Luas Inspector Loses Appeal Following Dismissal For “Gross Misconduct”


A Luas ticket inspector has lost his appeal to get his job back for “gross misconduct”. The incident in question took place in September 2019.

The inspector was sacked for pinning a passenger’s legs to the ground for almost 10 minutes. This altercation was filmed by another passenger and posted on Facebook. It has had over 14,000 views online.

The altercation happened following a disagreement over an unpaid fare. It happened during rush hour at Bluebell Luas Stop on 27 September 2019. The Revenue Protection Officer was suspended following this incident and later dismissed.

The inspector’s appeal was subsequently rejected by Maria Kelly, the Adjudication Officer for the Workplace Relations Commission.

Luas inspector “Not authorised to apply physical restraint”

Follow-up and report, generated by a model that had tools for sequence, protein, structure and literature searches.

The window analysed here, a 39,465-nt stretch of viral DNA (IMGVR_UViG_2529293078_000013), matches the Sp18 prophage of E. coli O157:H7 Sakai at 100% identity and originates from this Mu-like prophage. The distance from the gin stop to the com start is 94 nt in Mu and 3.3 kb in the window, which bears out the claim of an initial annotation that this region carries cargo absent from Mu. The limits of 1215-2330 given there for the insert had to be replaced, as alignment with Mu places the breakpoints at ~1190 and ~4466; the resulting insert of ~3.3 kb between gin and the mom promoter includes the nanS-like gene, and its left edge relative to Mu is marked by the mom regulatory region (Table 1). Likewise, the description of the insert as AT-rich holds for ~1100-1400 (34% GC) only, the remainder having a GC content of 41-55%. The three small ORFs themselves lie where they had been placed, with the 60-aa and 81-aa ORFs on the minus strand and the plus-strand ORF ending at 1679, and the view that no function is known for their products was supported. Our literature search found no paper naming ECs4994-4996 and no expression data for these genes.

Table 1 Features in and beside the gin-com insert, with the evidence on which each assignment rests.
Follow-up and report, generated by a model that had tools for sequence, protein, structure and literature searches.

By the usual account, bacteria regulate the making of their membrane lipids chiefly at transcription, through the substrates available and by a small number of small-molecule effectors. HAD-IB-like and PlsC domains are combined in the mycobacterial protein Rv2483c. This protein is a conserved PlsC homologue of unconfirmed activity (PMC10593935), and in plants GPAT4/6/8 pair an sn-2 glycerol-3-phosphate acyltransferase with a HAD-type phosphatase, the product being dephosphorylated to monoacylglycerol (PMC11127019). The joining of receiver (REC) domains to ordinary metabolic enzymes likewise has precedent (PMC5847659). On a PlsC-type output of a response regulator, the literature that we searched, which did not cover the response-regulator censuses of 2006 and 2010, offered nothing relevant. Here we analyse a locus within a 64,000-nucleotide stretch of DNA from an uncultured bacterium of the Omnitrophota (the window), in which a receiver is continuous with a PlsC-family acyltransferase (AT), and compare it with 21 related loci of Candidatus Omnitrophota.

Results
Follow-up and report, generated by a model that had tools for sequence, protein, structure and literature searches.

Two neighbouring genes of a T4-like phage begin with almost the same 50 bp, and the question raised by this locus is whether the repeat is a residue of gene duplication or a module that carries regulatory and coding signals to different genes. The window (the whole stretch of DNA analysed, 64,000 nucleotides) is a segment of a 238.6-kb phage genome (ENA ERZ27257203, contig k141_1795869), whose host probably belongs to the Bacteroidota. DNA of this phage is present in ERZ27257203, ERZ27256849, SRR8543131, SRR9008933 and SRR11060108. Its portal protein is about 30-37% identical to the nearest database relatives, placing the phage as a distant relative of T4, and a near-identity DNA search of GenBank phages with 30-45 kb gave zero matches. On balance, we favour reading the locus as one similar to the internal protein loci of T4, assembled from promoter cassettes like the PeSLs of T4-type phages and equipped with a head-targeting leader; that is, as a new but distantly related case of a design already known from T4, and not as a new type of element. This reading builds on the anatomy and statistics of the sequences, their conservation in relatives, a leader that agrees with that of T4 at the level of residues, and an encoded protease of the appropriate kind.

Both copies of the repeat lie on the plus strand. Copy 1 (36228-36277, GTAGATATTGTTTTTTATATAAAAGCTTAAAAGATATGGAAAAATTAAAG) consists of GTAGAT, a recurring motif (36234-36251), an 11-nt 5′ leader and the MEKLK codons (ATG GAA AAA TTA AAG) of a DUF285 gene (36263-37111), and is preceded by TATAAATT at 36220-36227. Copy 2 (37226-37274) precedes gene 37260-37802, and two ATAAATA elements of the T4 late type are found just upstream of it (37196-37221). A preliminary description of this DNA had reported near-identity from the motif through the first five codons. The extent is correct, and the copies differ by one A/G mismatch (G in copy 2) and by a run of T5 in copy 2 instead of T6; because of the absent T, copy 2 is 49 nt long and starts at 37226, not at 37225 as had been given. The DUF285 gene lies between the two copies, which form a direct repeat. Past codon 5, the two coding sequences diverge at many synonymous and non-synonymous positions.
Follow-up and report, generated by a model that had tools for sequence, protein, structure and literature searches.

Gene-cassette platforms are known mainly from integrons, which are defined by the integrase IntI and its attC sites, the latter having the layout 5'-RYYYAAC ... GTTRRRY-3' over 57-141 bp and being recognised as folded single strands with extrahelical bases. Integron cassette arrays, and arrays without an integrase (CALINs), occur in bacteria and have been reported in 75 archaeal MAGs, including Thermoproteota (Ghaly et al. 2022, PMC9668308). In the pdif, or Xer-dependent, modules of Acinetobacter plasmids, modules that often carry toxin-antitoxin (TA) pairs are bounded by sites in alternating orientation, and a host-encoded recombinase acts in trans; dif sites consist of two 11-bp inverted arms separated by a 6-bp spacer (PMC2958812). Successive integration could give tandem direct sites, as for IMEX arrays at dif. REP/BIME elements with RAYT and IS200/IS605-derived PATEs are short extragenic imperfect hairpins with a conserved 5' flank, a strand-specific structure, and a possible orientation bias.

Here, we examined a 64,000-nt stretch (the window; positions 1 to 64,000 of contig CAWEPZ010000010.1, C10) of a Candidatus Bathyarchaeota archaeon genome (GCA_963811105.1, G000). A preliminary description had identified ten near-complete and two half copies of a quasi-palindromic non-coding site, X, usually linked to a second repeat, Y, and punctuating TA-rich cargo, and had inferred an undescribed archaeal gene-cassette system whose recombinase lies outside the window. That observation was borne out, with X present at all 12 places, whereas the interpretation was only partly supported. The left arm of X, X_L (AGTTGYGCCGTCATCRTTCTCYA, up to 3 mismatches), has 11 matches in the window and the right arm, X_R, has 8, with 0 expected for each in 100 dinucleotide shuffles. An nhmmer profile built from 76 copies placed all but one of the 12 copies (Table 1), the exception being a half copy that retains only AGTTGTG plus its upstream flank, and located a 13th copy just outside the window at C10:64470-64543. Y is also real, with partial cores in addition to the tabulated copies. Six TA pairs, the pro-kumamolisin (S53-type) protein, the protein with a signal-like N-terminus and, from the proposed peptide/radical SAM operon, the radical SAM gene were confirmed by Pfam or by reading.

In her ruling, Maria Kelly found that Transdev Dublin Light Rail’s decision to dismiss the inspector was within the band of reasonable responses available to the employer.

On this ruling, Ms Kelly said, “The passenger was restrained on the ground, in public view, for up to ten minutes”.

“The role of an RPO is to check passenger tickets and they are not authorised to apply physical restraint to passengers”. 

He “was trained to manage conflict situations and did not follow correct procedure on the day in question”, she added.

Maria Kelly did acknowledge that the inspector in question did not start this altercation. However she did state, “he participated in restraining the passenger on the ground for a prolonged period”.

Many options were available

Maria Kelly also added that the inspector had so many other options. She said that he could have contacted the control room, walked away or stopped vehicles.

“He didn’t take any of these options and went outside normal procedures”, the Adjudication Officer said.

Ms Kelly also said the the RPO (Revenue Protection Officer) had claimed he acted in the best interests of the passenger to prevent harm on the young male’s legs.

But Transdev did also tell the WRC, “there was no health and safety basis for the RPO kneeling on the legs of the passenger, who posed no threat to him, for approximately ten minutes”.